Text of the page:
Mahtob: Yea, cause I think so far that’s what you have been observing with them [children]. That they’re not...
Allie: [finishing Mahtob’s sentence] Getting carrying over [regrouping tens to ones in the standard algorithm]
Mahtob: Yea. 
(Mahtob-Allie debriefing, fall 2019)

In the debriefing conversation, Mahtob used her idea from her VOD regarding children’s interpretation of ones and tens place in two-digit numbers. After Allie described the children’s actions, Mahtob used her VOD in relation to Allie’s noticing the differences in children’s use of blocks and procedures. This effort to bridge created a dialogic space for Allie to reflect on the children’s use of blocks and the subtraction procedure. During the critical-friend dialogue, Signe and Lizhen affirmed Mahtob’s efforts to bridge using her pedagogical knowledge that mathematics teaching should use children’s mathematics. Signe described Mahtob’s agreement with Allie as “letting her talk” (critical-friend dialogue, June 4, 2021). Mahtob described the space as an opportunity for Allie to reflect on the children’s work and share new ideas about their thinking. Yet, Mahtob was concerned. “I don’t want to push too hard…. because I felt like when I’m doing that, she just stopped engaging….” Mahtob described trying to bridge to Allie’s interest in the children’s engagement with the blocks and her challenge to keep the children focused. “...I was trying to redirect her to talk about the challenges [in teaching] mathematics or children’s mathematics that she found.” Mahtob eventually realized that her bridging move would not result in Allie attending to the children’s mathematics:

So, during the debriefing, I wanted to point it [children’s mathematics] out. But I think she was excited about the lesson. I just didn’t want to bring it up into her face and say, ‘I don’t think so.’ I was hoping that when she analyzed her students’ work, she might actually get to that [children’s mathematics] (Mahtob’s critical-friend dialogue, June 4, 2021).

Mahtob’s responses to Signe’s and Lizhen’s perspectives on the VOD made explicit her difficulty eliciting Allie’s reflection on the children’s use of regrouping and blocks. Mahtob’s bridging move drew from children’s mathematics she saw to her hypothesis about Allie’s focus on a subtraction procedure. Although Mahtob elicited Allie’s description of the differences between the children’s use of the blocks and the procedure, Allie returned to the importance of teaching, regrouping, and managing the children’s behavior. Not wanting to risk Allie disengaging, but with her idea from the VOD still in mind, Mahtob hoped her questions would provide Allie an opportunity to connect her observations to children’s mathematics.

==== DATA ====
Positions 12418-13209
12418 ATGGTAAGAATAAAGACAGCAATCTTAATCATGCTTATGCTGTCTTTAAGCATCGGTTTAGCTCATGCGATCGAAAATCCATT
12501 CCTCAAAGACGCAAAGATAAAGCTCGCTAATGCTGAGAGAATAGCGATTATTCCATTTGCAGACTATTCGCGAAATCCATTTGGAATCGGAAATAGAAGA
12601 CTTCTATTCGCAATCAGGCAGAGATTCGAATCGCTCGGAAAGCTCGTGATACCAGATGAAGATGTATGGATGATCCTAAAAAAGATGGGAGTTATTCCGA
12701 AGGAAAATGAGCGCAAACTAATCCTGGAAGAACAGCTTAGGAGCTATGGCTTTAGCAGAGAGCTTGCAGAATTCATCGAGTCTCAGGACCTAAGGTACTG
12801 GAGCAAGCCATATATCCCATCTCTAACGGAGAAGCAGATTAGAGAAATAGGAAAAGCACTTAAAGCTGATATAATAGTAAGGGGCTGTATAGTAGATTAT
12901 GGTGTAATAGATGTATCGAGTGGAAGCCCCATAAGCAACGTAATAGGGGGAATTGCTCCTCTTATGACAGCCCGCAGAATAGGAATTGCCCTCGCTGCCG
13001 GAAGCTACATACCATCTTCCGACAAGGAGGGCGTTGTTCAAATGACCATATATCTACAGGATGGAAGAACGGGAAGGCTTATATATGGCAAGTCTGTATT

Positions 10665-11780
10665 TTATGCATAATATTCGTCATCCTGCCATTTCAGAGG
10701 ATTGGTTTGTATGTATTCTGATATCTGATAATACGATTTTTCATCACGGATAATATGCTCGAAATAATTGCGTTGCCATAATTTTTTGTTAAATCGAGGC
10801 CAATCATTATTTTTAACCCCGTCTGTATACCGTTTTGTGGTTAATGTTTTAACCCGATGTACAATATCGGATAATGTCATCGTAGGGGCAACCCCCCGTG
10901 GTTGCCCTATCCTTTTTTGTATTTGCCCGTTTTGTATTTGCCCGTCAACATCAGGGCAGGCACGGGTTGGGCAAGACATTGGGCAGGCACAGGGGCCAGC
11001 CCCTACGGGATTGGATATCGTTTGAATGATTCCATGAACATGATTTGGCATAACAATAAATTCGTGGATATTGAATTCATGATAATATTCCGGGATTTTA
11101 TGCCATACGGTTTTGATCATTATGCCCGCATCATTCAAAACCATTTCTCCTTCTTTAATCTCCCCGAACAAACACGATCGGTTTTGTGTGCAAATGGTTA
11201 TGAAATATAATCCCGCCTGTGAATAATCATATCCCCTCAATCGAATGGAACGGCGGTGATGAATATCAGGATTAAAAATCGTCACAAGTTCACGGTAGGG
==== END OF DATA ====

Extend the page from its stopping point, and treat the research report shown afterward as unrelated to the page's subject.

Exploring: Lizhen’s Debriefing

As constructivist teachers, one goal during the debriefing conversation was identifying ideas within the PTs’ description of teaching that related to our VOD. An MTE uses ideas from her VOD to hear and see PT’s teaching. In exploring, the MTE uses her ideas from the VOD to create questions or statements in her search for evidence of the PT’s view of teaching and children’s mathematics. In contrast with bridging, exploring requires only the MTE’s idea(s) from the VOD, to identify ideas from the PT’s description of teaching. Exploring can transition into bridging if the MTE hypothesizes a PT’s idea.

Lizhen’s debriefing conversation used ideas from her VOD involving children’s fraction thinking. Exploring was cognitively challenging for the MTEs, including Lizhen. Simultaneously holding her idea about children’s fraction thinking in mind while listening to Mandy’s description of teaching for evidence of children’s mathematics was a significant challenge. Lizhen’s debriefing conversation with Mandy and her teaching partner was informed by a folding activity with string used in the methods course. Their lesson included using paper folding to generate fractions. They used two sets of fractions (1/2, 1/4, 1/8 and 1/3, 1/6, 1/9) with their fifth graders. From class discussions, Lizhen anticipated that Mandy would use children’s mathematics in her teaching.

Lizhen: First, tell me what you’re excited about?
Mandy: I’m excited when they [children] wanted to move on. Like if they saw that we did a half, they wanted to go ahead and start doing the fourth. They just came up with different ideas, how to get there, especially when we started doing the third, the sixth, and the ninth. Because you could see it clicked, when they realized how to get from one [fraction] to the next, to the next. So, I thought that was really exciting to see.
Lizhen: Yeah, I remember you talked about the fourth in Tuesday’s class on campus. You said, ‘OK, if this is half then you fold it [string] one time; if it’s third then you fold it [string] twice.’ When students do half, fourth, or eighth, if they build on their previous problem, they just need to fold one more… But coming to one-third, one-sixth, and one-ninth, that will be different? What did you find about students’ thinking when they folded these three fractions?
Mandy: They did find the third. They recognized if you fold a third in half, you get a sixth. It was the ninth, a lot of them first said, ‘Oh you just take a sixth and fold it in half again.’ So, a lot of them were getting one twelfth, which was to be expected. But once we talked about the multiplication, when they fold it in half again, that six [parts] turns into twelve [parts on the paper strip].